PPF to remain 'ambitious' in 2022-25 Strategic Plan despite challenges

The Pension Protection Fund (PPF) has emphasised that whilst it expects to face "significant challenges" over the next three years, it will remain "ambitious" on behalf of members and levy payers, identifying four priorities to meet these challenges.

The lifeboat's strategic priorities for the next three years will focus on meeting new challenges with 'brilliant' service; excellence in asset and liability management; making a difference; and transforming ways of working using enhanced technology.

The PPF's Strategic Plan 2022-25 highlighted the “significant progress” already made by the lifeboat, particularly in relation to its funding position, and committed to completing the review of its funding strategy and publish the results this year (2022).

It also emphasised the importance of successfully implementing the PPF’s amended compensation regime following the recent Hampshire and Hughes court rulings, identifying the progression of a larger number of applications to the Fraud Compensation Fund as another “significant priority” for the next three years.

In addition to this, the lifeboat committed to developing and publishing a holistic sustainability strategy.

In particular, the document suggested that the lifeboat will be exploring more opportunities for sustainable investment in asset classes such as forestry and infrastructure as a priority, having already increased investment in forestry by 20 per cent to £1bn over the past year.

The continued evolution of its technology and digital solutions to improve the experience for its members, levy payers, and employees was highlighted a further priority, as the PPF reported a “significant increase” in the use of digital service seen, with 82 per cent of member transactions completed online.

PPF chief executive, Oliver Morley, commented: “Our strong performance against our 2019-22 strategic priorities, despite the challenges of the pandemic, has established a strong foundation for us to now build on.

"Our unique position allows us to continually look for new ways to innovate and exemplify best practice in pensions, asset management and customer service.

“Over the course of the next three years, we’ll continue to invest in, and improve, services to our members and levy payers so we can sustainably deliver high levels of satisfaction and remain as efficient as possible.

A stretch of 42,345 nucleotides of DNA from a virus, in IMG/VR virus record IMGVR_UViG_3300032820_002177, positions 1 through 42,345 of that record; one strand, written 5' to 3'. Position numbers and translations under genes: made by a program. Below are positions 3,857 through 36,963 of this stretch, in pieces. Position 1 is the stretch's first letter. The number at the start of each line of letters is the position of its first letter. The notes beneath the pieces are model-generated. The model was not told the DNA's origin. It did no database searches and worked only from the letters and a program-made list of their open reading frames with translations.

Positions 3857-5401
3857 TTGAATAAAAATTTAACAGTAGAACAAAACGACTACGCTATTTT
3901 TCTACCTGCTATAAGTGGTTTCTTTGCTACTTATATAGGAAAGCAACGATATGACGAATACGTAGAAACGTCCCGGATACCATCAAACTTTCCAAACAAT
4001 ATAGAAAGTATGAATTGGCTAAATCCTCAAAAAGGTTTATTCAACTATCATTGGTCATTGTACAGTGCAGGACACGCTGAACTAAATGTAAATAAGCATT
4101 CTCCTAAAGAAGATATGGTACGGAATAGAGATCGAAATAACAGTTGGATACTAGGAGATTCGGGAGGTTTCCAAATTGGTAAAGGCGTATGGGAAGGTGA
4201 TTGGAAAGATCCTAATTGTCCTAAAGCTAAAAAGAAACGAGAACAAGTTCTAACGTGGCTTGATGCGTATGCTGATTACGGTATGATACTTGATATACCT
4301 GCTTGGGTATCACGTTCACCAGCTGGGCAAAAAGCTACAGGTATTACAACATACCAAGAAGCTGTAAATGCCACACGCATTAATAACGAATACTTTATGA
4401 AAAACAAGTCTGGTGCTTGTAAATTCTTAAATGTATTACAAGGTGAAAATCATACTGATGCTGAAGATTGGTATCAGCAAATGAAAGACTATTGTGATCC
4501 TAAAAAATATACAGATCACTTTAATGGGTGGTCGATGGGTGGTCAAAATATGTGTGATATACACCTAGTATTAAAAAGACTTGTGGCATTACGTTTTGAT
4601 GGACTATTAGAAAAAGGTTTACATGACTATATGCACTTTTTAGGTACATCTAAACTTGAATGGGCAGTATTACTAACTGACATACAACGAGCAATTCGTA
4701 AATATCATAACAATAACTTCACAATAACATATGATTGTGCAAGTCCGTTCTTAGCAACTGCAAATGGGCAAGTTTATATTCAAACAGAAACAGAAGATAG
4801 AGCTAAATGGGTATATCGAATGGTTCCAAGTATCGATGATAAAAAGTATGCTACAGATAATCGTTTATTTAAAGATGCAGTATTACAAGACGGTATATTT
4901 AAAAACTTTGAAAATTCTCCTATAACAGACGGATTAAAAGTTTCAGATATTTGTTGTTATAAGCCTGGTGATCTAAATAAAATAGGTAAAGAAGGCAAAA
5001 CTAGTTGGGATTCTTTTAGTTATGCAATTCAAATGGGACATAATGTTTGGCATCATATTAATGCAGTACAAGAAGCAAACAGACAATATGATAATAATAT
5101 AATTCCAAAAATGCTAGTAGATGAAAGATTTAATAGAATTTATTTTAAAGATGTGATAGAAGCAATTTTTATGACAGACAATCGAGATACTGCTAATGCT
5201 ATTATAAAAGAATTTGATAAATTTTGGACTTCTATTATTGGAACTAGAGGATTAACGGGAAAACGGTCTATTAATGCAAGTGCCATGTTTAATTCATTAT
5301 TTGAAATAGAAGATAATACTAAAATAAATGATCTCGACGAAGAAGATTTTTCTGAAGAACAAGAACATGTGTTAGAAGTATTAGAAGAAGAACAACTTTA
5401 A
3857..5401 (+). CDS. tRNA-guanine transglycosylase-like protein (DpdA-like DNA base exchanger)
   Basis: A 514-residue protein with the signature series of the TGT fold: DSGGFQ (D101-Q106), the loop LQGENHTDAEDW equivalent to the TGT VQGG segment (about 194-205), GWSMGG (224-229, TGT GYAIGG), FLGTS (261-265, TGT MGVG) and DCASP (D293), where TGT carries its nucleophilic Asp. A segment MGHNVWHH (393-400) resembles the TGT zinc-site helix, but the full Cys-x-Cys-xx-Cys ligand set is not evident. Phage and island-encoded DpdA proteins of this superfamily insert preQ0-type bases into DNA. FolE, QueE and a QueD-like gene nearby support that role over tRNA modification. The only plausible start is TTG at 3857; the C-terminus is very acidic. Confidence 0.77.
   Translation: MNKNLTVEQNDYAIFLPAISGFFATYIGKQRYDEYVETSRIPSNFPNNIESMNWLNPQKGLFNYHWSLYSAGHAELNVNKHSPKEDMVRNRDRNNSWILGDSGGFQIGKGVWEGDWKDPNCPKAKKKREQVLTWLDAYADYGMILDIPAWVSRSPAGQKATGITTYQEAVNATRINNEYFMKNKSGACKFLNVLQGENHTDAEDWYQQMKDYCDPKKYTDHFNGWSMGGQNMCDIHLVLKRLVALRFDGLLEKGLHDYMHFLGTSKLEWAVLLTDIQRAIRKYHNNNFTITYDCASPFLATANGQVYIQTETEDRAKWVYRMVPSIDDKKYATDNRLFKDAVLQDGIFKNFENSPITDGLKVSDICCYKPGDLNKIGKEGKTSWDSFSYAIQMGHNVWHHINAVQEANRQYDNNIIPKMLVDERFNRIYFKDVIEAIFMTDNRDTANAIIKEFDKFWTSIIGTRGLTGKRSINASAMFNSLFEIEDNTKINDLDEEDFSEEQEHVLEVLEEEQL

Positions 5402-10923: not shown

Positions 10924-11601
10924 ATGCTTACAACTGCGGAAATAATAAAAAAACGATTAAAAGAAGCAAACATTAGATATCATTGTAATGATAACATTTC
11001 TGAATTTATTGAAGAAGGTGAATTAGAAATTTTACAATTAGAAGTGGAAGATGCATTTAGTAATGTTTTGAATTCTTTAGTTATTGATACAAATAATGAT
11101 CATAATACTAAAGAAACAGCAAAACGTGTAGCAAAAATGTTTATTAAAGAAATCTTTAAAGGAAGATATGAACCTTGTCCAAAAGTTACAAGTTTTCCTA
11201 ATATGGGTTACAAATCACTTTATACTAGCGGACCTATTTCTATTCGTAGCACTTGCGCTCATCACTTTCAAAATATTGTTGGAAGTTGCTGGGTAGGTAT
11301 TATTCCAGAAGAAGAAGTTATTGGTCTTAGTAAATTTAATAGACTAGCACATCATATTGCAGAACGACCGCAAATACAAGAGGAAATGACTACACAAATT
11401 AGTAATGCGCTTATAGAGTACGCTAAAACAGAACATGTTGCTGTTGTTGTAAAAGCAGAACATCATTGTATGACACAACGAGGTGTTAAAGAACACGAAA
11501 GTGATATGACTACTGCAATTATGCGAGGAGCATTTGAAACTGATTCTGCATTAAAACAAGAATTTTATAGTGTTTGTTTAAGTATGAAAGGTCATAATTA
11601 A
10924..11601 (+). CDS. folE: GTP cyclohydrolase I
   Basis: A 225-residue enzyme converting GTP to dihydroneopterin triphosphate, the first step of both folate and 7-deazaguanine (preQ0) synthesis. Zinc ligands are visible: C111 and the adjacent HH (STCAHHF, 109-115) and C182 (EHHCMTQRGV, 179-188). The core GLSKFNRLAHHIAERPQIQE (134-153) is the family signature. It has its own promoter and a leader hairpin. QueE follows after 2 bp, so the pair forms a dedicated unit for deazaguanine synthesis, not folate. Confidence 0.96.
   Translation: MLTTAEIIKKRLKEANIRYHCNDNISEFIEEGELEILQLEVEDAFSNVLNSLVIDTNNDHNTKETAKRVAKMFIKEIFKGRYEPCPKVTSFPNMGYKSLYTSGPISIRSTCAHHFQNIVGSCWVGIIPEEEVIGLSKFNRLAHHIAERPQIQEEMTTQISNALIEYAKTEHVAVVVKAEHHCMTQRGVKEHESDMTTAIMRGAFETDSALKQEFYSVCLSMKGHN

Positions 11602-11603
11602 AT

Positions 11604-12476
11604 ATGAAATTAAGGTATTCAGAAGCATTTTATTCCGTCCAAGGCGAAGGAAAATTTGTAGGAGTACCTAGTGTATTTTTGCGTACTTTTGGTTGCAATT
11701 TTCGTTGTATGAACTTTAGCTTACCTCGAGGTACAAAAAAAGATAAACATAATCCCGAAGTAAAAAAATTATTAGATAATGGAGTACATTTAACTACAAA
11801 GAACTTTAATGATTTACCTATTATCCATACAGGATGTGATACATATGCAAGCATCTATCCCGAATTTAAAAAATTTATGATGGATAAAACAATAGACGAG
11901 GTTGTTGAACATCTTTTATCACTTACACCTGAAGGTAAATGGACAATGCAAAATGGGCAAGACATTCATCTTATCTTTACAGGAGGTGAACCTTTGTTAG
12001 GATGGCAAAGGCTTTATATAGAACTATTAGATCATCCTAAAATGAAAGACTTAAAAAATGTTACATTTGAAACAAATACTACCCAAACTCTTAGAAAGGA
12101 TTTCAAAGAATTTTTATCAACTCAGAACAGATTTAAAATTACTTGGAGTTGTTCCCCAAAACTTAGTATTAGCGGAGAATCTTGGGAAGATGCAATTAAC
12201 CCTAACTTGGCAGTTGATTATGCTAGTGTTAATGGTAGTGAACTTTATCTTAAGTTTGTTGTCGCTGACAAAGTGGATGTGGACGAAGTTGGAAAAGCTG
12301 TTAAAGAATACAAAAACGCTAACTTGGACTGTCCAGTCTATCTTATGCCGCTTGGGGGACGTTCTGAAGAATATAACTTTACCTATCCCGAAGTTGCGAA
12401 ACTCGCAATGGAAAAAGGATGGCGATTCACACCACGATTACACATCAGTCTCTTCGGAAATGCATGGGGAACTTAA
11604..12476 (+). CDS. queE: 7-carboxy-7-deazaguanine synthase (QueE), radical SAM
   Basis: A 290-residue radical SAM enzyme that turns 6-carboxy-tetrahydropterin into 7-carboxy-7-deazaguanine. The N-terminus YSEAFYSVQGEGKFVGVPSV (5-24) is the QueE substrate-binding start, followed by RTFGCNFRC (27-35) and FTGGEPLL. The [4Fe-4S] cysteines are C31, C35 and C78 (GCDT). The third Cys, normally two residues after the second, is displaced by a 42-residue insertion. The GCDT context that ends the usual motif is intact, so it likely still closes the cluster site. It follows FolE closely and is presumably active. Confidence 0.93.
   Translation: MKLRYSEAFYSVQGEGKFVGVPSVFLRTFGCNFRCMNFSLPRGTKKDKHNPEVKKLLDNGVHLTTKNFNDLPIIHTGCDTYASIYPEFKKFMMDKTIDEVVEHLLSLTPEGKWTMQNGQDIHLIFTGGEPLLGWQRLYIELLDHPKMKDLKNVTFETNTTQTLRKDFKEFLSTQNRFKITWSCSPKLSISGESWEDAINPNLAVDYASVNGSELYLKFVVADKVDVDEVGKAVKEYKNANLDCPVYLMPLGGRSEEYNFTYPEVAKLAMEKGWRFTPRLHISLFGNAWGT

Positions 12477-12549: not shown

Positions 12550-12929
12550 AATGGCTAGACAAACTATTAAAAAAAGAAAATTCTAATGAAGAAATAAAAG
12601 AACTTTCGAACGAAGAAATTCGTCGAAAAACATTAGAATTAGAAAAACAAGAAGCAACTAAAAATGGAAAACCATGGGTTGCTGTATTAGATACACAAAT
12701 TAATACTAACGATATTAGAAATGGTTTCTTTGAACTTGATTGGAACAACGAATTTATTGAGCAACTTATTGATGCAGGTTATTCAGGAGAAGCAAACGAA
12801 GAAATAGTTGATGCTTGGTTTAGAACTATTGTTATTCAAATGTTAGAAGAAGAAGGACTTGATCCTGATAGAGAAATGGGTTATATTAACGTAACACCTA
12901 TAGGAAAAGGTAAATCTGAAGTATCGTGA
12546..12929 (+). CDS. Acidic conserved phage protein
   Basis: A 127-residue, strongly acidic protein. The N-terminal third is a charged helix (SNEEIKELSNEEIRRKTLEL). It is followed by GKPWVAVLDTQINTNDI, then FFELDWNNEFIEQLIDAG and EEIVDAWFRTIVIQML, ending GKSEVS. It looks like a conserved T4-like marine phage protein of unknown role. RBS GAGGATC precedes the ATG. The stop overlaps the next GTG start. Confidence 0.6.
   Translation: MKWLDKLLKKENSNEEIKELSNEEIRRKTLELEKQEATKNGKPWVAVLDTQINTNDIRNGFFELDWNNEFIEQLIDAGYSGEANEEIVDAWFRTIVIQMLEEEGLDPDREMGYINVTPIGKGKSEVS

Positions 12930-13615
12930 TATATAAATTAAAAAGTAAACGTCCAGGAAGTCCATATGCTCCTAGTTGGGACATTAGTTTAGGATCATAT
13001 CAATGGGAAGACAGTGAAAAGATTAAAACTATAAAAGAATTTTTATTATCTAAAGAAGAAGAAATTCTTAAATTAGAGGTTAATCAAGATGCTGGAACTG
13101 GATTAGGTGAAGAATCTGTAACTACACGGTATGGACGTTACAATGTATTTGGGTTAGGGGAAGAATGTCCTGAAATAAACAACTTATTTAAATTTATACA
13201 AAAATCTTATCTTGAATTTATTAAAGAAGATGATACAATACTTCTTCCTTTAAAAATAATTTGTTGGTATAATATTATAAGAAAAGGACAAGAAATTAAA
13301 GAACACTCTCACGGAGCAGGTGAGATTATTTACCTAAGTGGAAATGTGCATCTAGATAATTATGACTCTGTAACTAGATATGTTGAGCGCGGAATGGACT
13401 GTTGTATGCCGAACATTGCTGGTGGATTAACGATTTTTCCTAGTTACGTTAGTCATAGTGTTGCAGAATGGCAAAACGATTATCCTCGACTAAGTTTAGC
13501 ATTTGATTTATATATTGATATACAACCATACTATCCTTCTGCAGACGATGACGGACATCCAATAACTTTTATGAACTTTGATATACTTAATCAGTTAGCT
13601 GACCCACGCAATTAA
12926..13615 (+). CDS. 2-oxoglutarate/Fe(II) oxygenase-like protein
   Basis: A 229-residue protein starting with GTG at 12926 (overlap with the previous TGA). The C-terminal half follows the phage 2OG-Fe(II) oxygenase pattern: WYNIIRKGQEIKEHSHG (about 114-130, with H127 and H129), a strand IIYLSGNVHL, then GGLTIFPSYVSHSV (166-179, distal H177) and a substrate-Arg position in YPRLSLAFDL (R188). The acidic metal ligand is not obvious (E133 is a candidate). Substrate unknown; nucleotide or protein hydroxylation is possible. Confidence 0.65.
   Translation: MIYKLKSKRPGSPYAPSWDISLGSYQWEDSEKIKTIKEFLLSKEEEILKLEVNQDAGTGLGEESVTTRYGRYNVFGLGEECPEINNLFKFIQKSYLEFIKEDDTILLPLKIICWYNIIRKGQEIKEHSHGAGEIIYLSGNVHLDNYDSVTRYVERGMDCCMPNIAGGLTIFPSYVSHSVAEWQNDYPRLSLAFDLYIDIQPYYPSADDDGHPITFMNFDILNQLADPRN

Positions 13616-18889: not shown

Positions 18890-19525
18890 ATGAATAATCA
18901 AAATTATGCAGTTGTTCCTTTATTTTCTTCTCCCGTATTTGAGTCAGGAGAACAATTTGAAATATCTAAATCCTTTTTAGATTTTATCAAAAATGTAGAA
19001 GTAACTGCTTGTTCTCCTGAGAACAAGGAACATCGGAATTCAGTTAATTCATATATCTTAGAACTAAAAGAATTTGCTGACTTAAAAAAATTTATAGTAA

“We know our members have gone through a lot before they come to us, and so we’re never complacent about the help we offer them.

"With this in mind, we understand the recent court rulings have caused uncertainty for some around what they’re entitled to. Our priority is to ensure all our members are receiving the right compensation and are clear on what to expect both now and in the future.

“Our teams are excited to embrace the challenges and goals of the new Plan to deliver sustainable change and growth for the future while increasing our effectiveness and efficiency.

"Our strengthened financial position ensures we’re well placed to withstand higher levels of insolvency claims without risking the security of our members benefits. At the same time, we’ll continue to look for new ways to support our levy payers.

“We want to hold ourselves accountable for delivering on our new strategic priorities and we’ll transparently measure and report on their progress each year in our Annual Report and Accounts.”

The PPF's strategic report also confirmed that, assuming the lifeboat's funding position remains robust over the three year period, it will look to reduce how much levy it collects.

"As part of this we will identify where legislative change would be helpful to give us more flexibility in charging the levy in the future," it stated.

WTW head of PPF consulting, Joanne Shepard, suggested that this could indicate the PPF is preparing to lobby for a change to the law preventing it from raising the ‘levy estimate’, the amount is aims to collect through levies, by more than 25 per cent in a single year.

She explained: "This was put in place in 2004, against a background of scepticism about whether levies would be as low as the government projected and fears that the levy would rise quickly.

"In current conditions, when the PPF is well-funded and thinks it has a 95 per cent chance of hitting its self-sufficiency goal by 2030 but is still worried about what might lie around the corner, the law is more likely to act as a brake on levy cuts.

"The government has the power to increase the 25 per cent number but removing the restriction altogether would require primary legislation; that would be necessary if the PPF ever wanted to waive levies altogether for a year (or more) and still be able allowed to charge levies in future.”

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